Handyman Igor has a passion for fashion
2017-12-01 16:25:00 -

The Integration Question with Princess Pamela Toyin

A builder by trade in his native Ukraine, Igor Markiv since took his years of experience to Ireland, where his work has helped him in achieving another, very different goal.


From plumbing to electrical work, carpentry and decorating, 43-year-old Igor is a gifted builder and multitalented handyman, great with everything on a building site. 


But his skills don’t end there, as Igor also has ambitions in the fashion world - perhaps under the influence of his dressmaker wife, who managed her own fashion business back home. 


Since 2011, Igor has been managing Kriza, a fashion boutique in the heart of Dublin city. Yet he still puts his handiwork skills to use. Shuttling between the construction and fashion industries, adjusting to life in Ireland has been made easy by the immense support offered by his friends and the welcoming Irish culture, he says.


Igor arrived Ireland in 2003 for what he calls “a better life” and says he’s experienced nothing but that since then. 


“For many reasons I knew I wanted to experience life abroad in a different country so I was determined to make the move,” says Igor of what prompted his relocation from eastern Europe.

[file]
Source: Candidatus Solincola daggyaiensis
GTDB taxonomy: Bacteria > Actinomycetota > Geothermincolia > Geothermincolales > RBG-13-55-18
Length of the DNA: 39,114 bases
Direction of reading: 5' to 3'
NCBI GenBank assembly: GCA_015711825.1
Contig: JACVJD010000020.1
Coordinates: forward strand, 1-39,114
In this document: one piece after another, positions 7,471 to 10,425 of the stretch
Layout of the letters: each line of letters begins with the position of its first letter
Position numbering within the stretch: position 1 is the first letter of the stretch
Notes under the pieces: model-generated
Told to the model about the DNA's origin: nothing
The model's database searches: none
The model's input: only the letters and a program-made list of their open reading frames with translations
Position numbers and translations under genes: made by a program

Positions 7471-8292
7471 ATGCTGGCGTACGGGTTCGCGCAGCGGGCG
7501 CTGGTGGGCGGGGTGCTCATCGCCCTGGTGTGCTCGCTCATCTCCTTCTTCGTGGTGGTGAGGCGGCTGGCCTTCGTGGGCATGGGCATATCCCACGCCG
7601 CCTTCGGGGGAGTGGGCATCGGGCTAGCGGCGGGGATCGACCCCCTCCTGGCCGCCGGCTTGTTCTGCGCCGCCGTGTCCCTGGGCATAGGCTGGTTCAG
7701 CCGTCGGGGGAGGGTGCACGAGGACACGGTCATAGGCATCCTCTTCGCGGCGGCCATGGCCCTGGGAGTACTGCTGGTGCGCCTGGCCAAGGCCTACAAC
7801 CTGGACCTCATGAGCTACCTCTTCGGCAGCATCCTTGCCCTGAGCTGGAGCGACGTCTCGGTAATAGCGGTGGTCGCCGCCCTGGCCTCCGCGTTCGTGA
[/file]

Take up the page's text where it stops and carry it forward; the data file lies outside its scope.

Living in Ireland over the last 14 years has exposed Igor to new opportunities and new people that have become his friends.


“In every nation there are good and bad people. I am privileged to have good Irish friends and there’s a particular one that is very close to me,” he says.


Despite this, the language barrier and culture shock are occasionally taxing for the Ukrainian. “My English is not perfect and sometimes I find the Irish accent difficult, but I’m working hard to learn and the situation is gradually improving.”


Another big adjustment for him is the Irish weather – which he happens to enjoy. 


“Ireland’s weather is nice, it’s not too warm and not too cold, but just a medium climate.”


While Igor says he has never experienced racism in Ireland, he does have concerns over protections for small business owners like him. 


“The law in Ireland does not protect business owners. Thieves steal from shops all the time and even when caught on camera and presented to the Garda, [they say] they can’t do anything about it as the video does not help in any way.”


Away from the working world, however, Ireland may indeed be home forever for Igor, now settled with his wife and children. 


“We plan to stay in Ireland,” he says, “but we never know what can happen tomorrow.”


Comparing his new home to his homeland, Igor says: “There are no similarities between Ukraine and Ireland. Everything is completely different, from the weather to the buildings, the food and lifestyle. 


“Perhaps the only similarity would be that the people in both countries want to live a better life.”


- Princess Pamela Toyin has gained experience since the mid 1980s working in various fields and interacting with people of different tribes and ethnicity. With her passion for diversity, she is propelled to report a diverse range of issues that facilitate intercultural dialogue and integration, which can change social, economic, and cultural stereotypes, and believes there are lessons to be learned from everyone. Talk to her on +353 (0) 87 417 9640 or email echoesmediainternational@gmail.com



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